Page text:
This is what froth below a local waterfall looks like when it freezes.
Tamron SP 70-200mm f/2.8 Di VC USD @ 200 mm
1/40 sec, f/11.0, ISO 200
“Whenever there is stillness there is the still small voice, God’s speaking from the whirlwind, nature’s old song, and dance…”
― Annie Dillard
Chilly water flows beneath icicles formed by the spray of the creek below. I found this to be an odd sight. April in my area has been ‘confusing’. We had beautiful sunshine and mild temperatures, followed by a deep freeze, snow, freezing rain, and strong winds, all within a few days. This has made it difficult to get out and enjoy the outdoors.
This small chute is located just below the Whitevale dam, north of Pickering, Ontario. It has become a fairly regular destination for me over the past few years. Primarily because I’m drawn to moving water and the serenity I find there, even as the water surges and churns over the rocks below the dam. It’s here that I make many of my winter photos of water flowing beneath the ice, or frozen in great icicles at the dam itself.
In this case, I found a lovely composition created by the tight combination of mist and air temperature. The moderately cold night had created conditions whereby spray from the water had splashed onto an overhanging branch and slowly frozen into these delicate icicle. There was no wind, which provided me an opportunity to do a long exposure, which showed off the icicles and allowed me to put the water in the background into motion, as contrast between stillness and movement. Very much how I feel when I’m at the waterside.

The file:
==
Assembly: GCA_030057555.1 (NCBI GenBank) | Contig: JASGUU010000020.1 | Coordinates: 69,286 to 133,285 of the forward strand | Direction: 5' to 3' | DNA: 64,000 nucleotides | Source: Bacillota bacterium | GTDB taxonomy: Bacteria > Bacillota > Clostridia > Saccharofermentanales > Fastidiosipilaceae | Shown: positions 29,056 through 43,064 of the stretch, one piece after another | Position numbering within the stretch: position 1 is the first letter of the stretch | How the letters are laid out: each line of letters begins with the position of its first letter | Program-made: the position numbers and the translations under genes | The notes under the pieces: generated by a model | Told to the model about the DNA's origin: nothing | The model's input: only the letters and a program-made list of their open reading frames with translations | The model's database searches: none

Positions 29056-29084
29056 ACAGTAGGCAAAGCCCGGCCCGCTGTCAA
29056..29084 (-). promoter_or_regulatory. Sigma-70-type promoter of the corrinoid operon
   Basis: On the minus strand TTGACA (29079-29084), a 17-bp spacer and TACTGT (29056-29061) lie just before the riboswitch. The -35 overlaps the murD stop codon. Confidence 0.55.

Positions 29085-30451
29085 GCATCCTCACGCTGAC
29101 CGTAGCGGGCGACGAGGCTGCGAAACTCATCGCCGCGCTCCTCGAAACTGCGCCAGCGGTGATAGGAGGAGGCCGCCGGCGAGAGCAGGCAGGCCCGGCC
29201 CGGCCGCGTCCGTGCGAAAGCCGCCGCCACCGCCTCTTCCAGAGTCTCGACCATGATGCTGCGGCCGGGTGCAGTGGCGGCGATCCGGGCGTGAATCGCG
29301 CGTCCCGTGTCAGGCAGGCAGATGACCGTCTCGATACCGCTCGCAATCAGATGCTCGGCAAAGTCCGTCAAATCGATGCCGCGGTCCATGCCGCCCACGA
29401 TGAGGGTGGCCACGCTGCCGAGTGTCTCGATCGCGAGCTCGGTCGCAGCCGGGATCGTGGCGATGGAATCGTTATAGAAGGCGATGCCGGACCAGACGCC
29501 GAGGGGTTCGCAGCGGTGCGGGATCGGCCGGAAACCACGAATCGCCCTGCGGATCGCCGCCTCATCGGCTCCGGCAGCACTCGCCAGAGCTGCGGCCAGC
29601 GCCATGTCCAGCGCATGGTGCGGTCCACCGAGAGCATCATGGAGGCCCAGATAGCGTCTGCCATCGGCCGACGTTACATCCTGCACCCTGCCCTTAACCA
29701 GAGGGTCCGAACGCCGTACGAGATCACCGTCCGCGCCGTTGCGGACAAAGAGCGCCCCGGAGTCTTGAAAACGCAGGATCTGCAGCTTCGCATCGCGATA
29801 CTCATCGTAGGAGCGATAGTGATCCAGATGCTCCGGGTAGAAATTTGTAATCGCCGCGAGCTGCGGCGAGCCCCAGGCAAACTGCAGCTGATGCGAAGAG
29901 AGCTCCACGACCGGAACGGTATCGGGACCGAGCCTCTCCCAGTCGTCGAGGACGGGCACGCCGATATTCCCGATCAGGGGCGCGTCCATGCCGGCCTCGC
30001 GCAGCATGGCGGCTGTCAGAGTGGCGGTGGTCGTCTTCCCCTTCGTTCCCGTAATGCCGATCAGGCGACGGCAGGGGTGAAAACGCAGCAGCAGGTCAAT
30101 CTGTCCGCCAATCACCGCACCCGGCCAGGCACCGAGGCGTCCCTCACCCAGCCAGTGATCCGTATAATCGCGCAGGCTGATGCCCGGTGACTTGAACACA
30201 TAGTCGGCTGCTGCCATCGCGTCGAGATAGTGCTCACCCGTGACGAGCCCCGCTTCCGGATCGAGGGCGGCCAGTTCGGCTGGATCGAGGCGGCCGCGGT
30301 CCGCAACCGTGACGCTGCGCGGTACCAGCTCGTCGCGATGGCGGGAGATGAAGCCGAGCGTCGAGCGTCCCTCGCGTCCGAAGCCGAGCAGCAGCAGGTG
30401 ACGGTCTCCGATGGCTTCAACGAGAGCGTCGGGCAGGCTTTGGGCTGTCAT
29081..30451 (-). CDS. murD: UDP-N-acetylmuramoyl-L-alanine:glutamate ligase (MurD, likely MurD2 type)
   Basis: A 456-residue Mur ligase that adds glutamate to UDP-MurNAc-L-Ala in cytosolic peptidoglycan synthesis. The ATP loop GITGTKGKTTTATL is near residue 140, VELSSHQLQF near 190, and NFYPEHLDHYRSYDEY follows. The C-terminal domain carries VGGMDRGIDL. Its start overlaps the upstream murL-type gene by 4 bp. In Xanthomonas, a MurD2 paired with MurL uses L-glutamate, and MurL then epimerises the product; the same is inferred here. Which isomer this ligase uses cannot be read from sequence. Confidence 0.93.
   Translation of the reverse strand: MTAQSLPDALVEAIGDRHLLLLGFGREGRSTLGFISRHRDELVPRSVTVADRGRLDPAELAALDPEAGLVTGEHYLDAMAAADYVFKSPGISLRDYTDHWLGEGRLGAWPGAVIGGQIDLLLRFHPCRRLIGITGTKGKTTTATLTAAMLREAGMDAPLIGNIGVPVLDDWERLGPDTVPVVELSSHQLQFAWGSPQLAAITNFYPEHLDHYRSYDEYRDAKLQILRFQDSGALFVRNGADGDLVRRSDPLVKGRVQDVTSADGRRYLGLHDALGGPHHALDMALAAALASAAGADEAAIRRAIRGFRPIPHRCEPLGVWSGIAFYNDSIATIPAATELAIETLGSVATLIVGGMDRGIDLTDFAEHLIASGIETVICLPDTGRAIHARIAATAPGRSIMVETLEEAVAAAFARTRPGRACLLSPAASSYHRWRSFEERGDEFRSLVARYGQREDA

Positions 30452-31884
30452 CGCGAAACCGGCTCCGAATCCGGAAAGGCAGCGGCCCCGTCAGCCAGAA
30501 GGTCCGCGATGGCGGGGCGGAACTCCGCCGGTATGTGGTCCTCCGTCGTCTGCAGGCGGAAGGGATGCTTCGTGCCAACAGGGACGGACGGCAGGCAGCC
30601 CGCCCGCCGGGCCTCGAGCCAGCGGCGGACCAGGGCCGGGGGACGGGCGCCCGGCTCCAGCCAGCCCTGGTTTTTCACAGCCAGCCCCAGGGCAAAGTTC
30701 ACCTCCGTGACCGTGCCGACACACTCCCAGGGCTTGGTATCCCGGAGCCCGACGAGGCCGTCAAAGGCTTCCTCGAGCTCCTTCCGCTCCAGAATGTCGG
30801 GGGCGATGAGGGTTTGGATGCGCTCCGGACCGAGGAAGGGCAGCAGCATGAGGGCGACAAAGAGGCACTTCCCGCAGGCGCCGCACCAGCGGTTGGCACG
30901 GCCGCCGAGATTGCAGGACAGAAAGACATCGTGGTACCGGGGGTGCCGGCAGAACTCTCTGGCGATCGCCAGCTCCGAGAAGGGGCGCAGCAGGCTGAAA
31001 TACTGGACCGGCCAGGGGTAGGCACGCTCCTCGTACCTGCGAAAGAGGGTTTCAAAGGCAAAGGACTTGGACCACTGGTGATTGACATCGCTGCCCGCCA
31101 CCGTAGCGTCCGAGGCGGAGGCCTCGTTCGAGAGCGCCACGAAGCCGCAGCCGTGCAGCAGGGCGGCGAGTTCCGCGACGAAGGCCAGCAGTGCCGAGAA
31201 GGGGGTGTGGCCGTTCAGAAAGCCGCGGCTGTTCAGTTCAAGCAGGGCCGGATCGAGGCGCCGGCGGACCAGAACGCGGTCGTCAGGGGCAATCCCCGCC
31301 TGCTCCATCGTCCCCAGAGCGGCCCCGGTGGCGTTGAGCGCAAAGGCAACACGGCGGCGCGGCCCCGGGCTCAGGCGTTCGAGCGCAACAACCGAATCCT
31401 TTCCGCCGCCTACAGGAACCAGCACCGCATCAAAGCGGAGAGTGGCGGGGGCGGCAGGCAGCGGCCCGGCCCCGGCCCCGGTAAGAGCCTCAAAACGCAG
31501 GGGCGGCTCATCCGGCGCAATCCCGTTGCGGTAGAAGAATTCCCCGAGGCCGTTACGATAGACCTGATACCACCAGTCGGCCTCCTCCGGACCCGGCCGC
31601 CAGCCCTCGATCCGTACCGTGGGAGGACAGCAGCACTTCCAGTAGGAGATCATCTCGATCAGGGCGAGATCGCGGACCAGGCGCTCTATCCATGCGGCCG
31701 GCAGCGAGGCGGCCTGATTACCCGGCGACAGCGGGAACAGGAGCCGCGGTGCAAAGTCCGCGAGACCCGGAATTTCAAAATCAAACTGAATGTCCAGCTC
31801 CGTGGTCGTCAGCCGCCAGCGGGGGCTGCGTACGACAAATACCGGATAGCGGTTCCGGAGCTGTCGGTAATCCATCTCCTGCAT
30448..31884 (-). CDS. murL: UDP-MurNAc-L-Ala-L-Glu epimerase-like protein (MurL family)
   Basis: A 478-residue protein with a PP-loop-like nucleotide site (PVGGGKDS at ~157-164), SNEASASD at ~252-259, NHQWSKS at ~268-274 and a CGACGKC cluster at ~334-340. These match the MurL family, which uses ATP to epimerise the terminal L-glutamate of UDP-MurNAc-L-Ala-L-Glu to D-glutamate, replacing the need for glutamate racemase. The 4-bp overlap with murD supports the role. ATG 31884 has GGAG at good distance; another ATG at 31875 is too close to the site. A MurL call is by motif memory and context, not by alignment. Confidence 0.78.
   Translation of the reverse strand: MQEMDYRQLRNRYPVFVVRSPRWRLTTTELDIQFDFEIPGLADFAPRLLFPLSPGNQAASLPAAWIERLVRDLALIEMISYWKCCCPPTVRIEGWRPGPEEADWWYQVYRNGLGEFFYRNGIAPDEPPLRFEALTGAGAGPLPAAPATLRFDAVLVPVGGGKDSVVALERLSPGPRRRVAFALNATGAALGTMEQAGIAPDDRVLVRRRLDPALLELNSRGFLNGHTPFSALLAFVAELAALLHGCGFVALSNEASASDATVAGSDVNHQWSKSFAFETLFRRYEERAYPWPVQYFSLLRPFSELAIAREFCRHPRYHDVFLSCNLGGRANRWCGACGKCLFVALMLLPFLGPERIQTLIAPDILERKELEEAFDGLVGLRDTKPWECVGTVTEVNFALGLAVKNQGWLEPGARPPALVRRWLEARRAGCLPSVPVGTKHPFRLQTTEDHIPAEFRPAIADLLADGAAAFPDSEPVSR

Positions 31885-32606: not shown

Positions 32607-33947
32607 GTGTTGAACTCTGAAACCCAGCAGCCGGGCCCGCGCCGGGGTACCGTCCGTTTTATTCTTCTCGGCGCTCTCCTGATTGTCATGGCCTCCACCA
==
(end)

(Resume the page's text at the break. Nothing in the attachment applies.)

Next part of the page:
Tamron 70-200 mm f/2.8 @ 135 mm
1/10 sec, f/20.0, ISO 200
“What is it to die but to stand naked in the wind and to melt into the sun?”
― Kahlil Gibran
This year, I left a few dried hydrangea blooms in my garden. My usual ritual is to trim them all down in the fall. I’m glad I left them, they added some interest in this past, dull, nearly snowless winter, and created a nice franewirk for our recent freezing rain event.
For those who have never experienced freezing rain, I’ll include a brief description here:
Freezing rain occurs when the ground temperature is below freezing while the air layers above are warmer. The precipitation falls as rain and freezes on contact with the ground. The end effect is that everything is coated with an ever increasing layer of clear ice. If conditions are right, this accumulation can be over an inch thick and cause major damage to trees and powerlines. Because it is a gradual accumulation, delicate plants, which would collapse in snow, are held rigid by the ice that encases them.
This was the case with the hydrangeas pictured above. A thin coating of clear ice built up over a period of a few hours, making them look like the are coated in clear glass.
It’s a beautiful effect, unless you are driving and have to chisel the ice from your car, or try to walk, since the ice is usually covered in a thin layer of semi-frozen water, making it extremely slippery. This is not a good feature when you are trying to walk around with your camera. The other thing with freezing rain is that it tends to be a very brief, beautiful event, which generally melts away within a few hours, as the temperatures rise.
I find it to be a challenging time photographically, since everything is beautiful and it’s difficult to isolate a particular composition within all that beauty.
Tamron 70-200 mm f/2.8 @ 130 mm
1/250 sec, f/8.0 -0.33, ISO 200